Writing from the E.R.
I’ve written stories in a lot of strange places, but last week took the cake.
I wrote an entire political story while waiting in a doctor’s office and the St. Peter’s Hospital Emergency Room on Wednesday. The exercise culminated in three different ER nurses conferring to figure out where I could go to find a wifi signal to submit my story.
(The final answer: leave the ER, walk into another building, going through doors that are locked at that time of night, circle around near a closed cafe and pray to the Internet gods. And then persuade the security guards to open the locked doors on the way back.)
It all started when my girlfriend was rushed to the hospital as I was wrapping up my interviews of the Democrats running for City Council this fall.
My colleague Michael Goot volunteered to take over my school board meeting, which I had been scheduled to cover. I grabbed my laptop and my notebook and headed to Albany.
I still don’t know how I managed to write the story, though as anyone who’s ever been to an ER knows, you basically spend hours sitting in an uncomfortable chair waiting for word while everyone ignores you.
My jobs for the night consisted of hand-holding and water-fetching between lengthy periods of sitting and waiting.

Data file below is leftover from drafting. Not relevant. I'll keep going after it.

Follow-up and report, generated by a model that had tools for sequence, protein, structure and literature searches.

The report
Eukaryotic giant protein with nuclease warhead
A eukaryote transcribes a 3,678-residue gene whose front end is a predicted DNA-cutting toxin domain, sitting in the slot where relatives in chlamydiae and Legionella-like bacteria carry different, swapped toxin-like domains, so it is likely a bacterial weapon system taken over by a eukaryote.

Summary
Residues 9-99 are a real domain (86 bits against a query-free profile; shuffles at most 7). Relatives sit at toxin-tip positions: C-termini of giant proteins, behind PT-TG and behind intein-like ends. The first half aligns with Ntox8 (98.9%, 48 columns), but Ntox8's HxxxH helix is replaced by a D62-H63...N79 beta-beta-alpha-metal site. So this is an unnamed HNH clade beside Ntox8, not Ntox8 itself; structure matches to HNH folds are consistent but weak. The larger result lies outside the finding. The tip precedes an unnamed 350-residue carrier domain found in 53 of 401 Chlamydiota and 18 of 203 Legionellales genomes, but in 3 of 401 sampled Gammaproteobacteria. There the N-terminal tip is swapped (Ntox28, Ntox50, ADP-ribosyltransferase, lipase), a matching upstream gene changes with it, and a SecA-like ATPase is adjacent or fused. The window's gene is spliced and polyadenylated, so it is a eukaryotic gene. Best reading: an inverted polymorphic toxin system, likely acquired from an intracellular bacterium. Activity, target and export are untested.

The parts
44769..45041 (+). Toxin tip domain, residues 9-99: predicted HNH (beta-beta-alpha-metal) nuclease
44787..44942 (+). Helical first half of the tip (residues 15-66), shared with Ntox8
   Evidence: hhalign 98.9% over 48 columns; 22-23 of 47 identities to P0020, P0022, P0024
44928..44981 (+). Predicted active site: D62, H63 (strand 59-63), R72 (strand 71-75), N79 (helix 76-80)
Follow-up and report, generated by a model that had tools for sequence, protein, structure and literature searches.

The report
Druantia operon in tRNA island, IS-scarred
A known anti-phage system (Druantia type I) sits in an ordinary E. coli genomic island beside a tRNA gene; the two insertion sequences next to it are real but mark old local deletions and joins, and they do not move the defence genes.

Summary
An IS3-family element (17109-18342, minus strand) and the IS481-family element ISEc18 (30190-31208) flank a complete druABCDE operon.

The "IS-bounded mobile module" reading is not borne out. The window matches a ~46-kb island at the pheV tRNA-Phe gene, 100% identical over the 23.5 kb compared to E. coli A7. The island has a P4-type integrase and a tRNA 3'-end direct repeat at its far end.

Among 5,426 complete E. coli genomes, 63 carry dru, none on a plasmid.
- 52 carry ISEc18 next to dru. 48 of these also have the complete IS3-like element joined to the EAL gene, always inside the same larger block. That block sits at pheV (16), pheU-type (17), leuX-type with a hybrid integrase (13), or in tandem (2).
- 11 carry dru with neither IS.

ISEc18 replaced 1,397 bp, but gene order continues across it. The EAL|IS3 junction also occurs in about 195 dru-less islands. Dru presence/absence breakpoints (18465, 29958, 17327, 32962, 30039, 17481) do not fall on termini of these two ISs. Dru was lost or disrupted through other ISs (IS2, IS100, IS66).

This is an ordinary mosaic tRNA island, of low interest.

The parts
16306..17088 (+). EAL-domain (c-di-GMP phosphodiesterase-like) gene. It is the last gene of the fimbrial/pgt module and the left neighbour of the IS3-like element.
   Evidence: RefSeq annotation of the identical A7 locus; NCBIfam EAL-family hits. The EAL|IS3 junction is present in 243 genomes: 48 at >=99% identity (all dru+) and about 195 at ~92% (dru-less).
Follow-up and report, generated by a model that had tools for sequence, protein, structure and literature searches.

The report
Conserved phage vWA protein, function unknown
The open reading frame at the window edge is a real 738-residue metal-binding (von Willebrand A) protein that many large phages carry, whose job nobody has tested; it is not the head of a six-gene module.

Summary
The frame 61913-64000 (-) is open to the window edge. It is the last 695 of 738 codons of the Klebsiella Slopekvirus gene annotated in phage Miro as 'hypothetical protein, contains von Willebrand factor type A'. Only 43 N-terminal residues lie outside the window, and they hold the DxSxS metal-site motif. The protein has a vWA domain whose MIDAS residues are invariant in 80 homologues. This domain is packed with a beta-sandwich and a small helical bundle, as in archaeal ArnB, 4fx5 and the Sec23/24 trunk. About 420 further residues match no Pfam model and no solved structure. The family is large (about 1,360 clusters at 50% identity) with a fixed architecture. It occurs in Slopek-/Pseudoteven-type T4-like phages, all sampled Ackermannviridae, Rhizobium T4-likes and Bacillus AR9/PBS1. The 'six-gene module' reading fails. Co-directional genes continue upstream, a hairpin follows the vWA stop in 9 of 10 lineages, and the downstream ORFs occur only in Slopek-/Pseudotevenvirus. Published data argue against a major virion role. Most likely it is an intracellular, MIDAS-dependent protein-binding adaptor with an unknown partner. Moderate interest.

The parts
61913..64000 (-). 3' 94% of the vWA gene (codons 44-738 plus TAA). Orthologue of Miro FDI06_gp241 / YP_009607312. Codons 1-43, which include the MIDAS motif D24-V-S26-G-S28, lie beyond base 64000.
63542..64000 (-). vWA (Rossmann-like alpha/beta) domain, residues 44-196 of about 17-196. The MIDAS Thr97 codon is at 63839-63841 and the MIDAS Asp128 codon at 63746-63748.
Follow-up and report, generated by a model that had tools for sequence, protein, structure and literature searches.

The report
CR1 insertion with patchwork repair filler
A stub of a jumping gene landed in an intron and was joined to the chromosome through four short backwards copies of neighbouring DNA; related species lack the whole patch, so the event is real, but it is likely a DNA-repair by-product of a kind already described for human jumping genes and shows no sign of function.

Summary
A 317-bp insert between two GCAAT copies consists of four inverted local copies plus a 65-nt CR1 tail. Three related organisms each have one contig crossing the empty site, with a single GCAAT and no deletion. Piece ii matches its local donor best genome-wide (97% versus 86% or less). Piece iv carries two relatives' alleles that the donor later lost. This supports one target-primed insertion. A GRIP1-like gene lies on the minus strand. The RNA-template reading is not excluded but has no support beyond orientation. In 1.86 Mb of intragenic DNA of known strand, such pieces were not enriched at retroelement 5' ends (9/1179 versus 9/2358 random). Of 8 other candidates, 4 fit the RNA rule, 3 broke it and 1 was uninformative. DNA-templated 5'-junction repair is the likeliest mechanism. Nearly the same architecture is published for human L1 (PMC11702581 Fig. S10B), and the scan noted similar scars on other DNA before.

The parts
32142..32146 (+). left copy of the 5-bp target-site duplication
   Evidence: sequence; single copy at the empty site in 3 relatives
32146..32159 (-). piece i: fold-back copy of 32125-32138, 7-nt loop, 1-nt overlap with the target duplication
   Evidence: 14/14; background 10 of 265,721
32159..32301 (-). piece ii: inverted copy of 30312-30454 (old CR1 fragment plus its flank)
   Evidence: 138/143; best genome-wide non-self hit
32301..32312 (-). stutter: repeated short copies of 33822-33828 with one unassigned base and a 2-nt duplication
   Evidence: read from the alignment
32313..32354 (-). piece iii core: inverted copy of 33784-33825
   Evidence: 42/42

So I had plenty of time to write, if I could get focused enough to actually form coherent sentences.
Thankfully, I got almost all of the story done before anyone conveyed to me the seriousness of the situation. Once I knew how bad things were, at 9 p.m., I decided to give the story one quick read-through, check the basic facts (spelling, ages, etc.) and send it off. I just hoped the copy editors could make it make sense.
Since we didn’t get flooded with complaints the next day, I’m assuming it was at least informative. And today my girlfriend was back at work, healthy and whole, so I can look back on the night and (try to) laugh.
She even saved her medical bracelet, telling me she’s going to scrapbook it as our “first medical emergency together.” I told her she was crazy. But if the bracelet goes in the book, my story does too.
Kathleen Moore is a Gazette reporter. Reach her by email to email@example.com.